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Judges to rule on $1 billion port concession

From the print edition

Three judges will rule in upcoming days on the fate of the $1 billion Moín Port project, on the northern Caribbean coast.

The renovation contract would help modernize an area that currently has two of the worst ports in the world, proponents said. But unions representing dockworkers and banana producers filed lawsuits against several government entities and the Dutch multinational company APM Terminals to try to halt the private concession – the largest in the country’s history.

During a trial last week, the National Banana Workers Chamber and the Atlantic Port Authority’s union asked judges to annul the concession, which was signed by President Laura Chinchilla last August (TT, June 22). Union lawyers claimed the contract was done without the completion of proper economic, environmental and technical studies, and they alleged that the approved per-container rates are too high.

“We are very satisfied with the presentation of the case,” said Randall Quíros, lawyer for the banana workers.

The National Technical Secretariat of the Environment Ministry (SETENA) said it approved preliminary environmental studies, which made the concession legal. The agreement between SETENA and APM Terminals states that actual construction of the port cannot begin until all impact studies are finished and approved, said Rogelio Douglas, general manager for APM Terminals in Costa Rica.

More than two-dozen engineers, biologists, oceanographers and other researchers currently are in Moín conducting studies of the project. Douglas said not one “brick will be laid” until the government endorses the final studies, which he expects to happen before the close of 2013.Unions also complained that APM Terminals does not have a final design for the port. But Douglas said that’s impossible without finishing the studies.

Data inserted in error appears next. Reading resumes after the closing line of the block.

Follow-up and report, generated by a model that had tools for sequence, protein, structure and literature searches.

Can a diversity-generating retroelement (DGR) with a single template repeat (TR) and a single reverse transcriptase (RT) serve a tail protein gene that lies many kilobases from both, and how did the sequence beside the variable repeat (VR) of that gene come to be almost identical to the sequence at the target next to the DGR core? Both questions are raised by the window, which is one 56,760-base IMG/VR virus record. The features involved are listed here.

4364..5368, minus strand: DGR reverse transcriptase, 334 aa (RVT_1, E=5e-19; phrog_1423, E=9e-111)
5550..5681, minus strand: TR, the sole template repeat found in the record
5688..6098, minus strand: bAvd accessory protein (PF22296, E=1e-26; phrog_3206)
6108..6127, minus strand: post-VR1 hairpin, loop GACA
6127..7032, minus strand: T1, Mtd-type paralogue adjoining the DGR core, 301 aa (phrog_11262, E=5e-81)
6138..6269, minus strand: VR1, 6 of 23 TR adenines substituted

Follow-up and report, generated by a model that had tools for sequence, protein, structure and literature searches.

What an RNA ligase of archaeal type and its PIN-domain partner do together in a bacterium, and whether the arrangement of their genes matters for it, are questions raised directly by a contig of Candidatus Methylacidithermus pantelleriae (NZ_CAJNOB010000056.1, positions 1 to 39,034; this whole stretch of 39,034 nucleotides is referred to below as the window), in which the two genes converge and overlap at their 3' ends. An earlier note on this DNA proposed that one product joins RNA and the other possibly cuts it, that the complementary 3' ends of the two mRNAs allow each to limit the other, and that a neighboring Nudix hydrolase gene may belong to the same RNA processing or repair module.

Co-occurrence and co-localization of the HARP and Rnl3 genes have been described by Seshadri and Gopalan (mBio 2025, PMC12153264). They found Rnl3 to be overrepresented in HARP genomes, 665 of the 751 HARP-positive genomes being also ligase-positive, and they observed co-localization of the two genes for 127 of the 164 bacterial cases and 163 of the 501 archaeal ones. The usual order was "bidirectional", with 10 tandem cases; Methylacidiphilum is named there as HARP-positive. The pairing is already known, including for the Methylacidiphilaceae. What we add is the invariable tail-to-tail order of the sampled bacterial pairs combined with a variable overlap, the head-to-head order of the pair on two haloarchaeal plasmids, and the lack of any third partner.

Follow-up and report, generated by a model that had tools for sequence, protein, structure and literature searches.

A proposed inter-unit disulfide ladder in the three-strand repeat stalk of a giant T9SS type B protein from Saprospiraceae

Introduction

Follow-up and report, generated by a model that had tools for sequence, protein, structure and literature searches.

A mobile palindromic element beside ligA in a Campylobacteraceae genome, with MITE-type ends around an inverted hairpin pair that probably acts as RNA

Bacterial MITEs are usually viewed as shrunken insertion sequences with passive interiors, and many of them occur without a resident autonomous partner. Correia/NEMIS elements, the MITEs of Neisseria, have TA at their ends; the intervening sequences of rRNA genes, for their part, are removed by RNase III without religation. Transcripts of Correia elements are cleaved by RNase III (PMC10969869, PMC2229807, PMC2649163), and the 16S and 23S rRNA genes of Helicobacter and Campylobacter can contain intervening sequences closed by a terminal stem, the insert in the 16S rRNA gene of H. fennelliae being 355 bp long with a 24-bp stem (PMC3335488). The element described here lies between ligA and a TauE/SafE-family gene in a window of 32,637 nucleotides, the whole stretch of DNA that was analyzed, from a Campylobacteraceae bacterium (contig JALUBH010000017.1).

“We have to do the soil testing, the ocean testing and the chemical testing of the sand before we can do a final design,” Douglas said.The Public Services Regulatory Authority argued that container rates would be higher than current rates because it will be more expensive to operate the $1 billion Moín Container Terminal. Douglas said he is confident about the arguments his team presented at trial.

In October, judges rejected an injunction filed by unions to block the contract. The National Concessions Council gave the project the green light in March, prompting unions to file the current suit. Legal arguments were heard last week, and the evidential phase of the trial concluded July 6.

Courts are not in session this week.After judges return from vacation on Monday, the administrative court will have 15 days to rule on the project’s legality.The deadline for a decision is Aug. 7. Company lawyers plan to appeal if the court rules against APM Terminals. If unions lose, union officials promised to take the issue to the Constitutional Chamber of the Supreme Court.

The legal tug of war stems from union criticism that the deal would result in a monopoly by APM Terminals on container ships. The government, however, sees the deal as a saving grace for the country’s pitiful port network. The World Economic Forum’s global competiveness report on port infrastructure ranks Costa Rica 137 of 142 countries.

Company representatives said the port would not be a monopoly since the government’s Atlantic Port Authority would still control the docks in Costa Rica. Furthermore, Douglas said while the port would receive the majority of containers in the country, tens of thousands more will be processed at other docks. Douglas said port renovation is necessary because current ports in Moín and Limón only have the capacity to take in small ships of approximately 1,000 containers. The new port would support Post-Panamax ships that can hold up to 12,000 containers.

Government officials believe the construction and operation of the terminal will lead to thousands of new direct and indirect jobs in Limón, the country’s poorest province. If the lawsuits do not cause major delays, construction for the port is slated to begin by the end of next year. The deadline for completion of the first phase is 2016.

The project has faced other setbacks, including a June 12 strike by members of the Atlantic Port Workers union. A week passed before government negotiators agreed to present a bill in Congress asking for a $70 million loan to renovate current docks.

In Latin America, APM Terminals operates ports in Argentina, Brazil and Peru. If the company can outlast the legal battles, Moín will be the company’s first port in Central America, and one of the region’s biggest.

“We are confident with the Costa Rican judicial system,” Douglas said. “We’re very pleased with the way the court was conducted. It’s also part of the reason we chose to come to Costa Rica.”

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